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Stress in early life is well documented as detrimental for the brain’s developmental trajectory, while prenatal stress is minimally explored. In the prenatal period, the placenta prevents much of the mother’s cortisol from reaching the fetus, but the fetus is still exposed to some maternal cortisol, and exposure increases with increasing stress. One neural structure particularly susceptible to stress is the hippocampus. The goal of this review is to address the role prenatal stress may play in damaging the hippocampus, a structure integral to learning and memory functions. Correlations between prenatal stress and a reduction in volume and function of the hippocampus are evidenced in rodent and non-human primate studies, but less conclusive in humans. In addition to macroscopic changes, microscopic hippocampal changes in glucocorticoid and mineralocorticoid receptor numbers are addressed to show how prenatal stress can reduce feedback inhibition of the hypothalamic-pituitary-adrenal axis, thus potentially increasing infants’ stress reactivity in the postnatal period. Awareness of the role of stress in pregnancy could change the way prenatal visits are structured, and high-risk women could be connected with necessary resources to reduce exposure to ongoing stressors in the perinatal period.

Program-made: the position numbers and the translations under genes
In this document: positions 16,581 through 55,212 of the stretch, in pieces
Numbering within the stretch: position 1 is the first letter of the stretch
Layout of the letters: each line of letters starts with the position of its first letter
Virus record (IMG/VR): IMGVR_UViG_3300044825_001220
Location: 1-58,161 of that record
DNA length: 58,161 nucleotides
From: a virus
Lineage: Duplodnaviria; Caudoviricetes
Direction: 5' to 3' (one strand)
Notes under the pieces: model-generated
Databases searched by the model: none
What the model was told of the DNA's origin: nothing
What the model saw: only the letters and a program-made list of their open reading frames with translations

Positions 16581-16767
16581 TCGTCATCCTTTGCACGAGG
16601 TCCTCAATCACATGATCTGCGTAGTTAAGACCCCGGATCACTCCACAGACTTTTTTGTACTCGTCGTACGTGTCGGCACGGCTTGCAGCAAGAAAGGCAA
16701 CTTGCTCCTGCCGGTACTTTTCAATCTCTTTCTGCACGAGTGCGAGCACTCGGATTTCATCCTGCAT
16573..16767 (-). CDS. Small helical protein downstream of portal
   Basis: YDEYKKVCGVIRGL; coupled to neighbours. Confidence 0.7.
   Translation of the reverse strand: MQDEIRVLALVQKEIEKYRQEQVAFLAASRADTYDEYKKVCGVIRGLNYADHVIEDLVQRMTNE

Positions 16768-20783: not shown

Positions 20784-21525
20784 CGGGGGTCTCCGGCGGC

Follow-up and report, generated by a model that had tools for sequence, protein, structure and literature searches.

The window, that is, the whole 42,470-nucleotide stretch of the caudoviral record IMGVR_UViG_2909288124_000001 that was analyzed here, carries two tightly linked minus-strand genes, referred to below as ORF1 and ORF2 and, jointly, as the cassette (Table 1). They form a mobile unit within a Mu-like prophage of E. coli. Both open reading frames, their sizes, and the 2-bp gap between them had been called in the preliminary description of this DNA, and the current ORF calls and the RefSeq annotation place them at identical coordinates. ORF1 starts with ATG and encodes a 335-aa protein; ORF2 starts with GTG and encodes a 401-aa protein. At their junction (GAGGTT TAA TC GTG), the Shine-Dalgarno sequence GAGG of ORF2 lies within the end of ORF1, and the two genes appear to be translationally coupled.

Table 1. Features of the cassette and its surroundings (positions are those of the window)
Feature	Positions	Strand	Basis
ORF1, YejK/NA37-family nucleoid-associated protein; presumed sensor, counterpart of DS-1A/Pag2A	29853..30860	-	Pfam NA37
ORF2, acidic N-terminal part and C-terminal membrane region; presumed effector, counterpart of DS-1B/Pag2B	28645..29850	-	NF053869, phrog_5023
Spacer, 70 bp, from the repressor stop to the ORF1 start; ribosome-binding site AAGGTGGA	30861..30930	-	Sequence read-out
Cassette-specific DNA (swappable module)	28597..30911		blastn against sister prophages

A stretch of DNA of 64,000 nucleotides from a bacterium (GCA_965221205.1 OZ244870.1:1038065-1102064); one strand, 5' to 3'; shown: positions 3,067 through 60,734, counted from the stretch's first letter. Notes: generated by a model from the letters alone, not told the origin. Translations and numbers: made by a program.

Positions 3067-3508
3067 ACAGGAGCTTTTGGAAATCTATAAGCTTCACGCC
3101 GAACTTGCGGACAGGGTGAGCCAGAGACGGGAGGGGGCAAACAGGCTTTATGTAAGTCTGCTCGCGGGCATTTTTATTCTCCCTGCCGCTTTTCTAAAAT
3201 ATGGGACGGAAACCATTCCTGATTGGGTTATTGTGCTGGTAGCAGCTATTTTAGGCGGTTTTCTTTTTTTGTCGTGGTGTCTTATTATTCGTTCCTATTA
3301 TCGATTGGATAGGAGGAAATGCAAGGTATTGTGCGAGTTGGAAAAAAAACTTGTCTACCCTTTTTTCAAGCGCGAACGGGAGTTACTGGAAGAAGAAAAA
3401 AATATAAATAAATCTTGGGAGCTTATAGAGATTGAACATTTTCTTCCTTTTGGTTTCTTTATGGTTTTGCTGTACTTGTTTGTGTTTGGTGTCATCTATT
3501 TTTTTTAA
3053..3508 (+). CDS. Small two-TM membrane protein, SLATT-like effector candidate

Murray, Alyssa, "The Impact of Prenatal Stress on the Development of Limbic System Structures" (2014). Honors Theses. 2588.
Honors Thesis-Open Access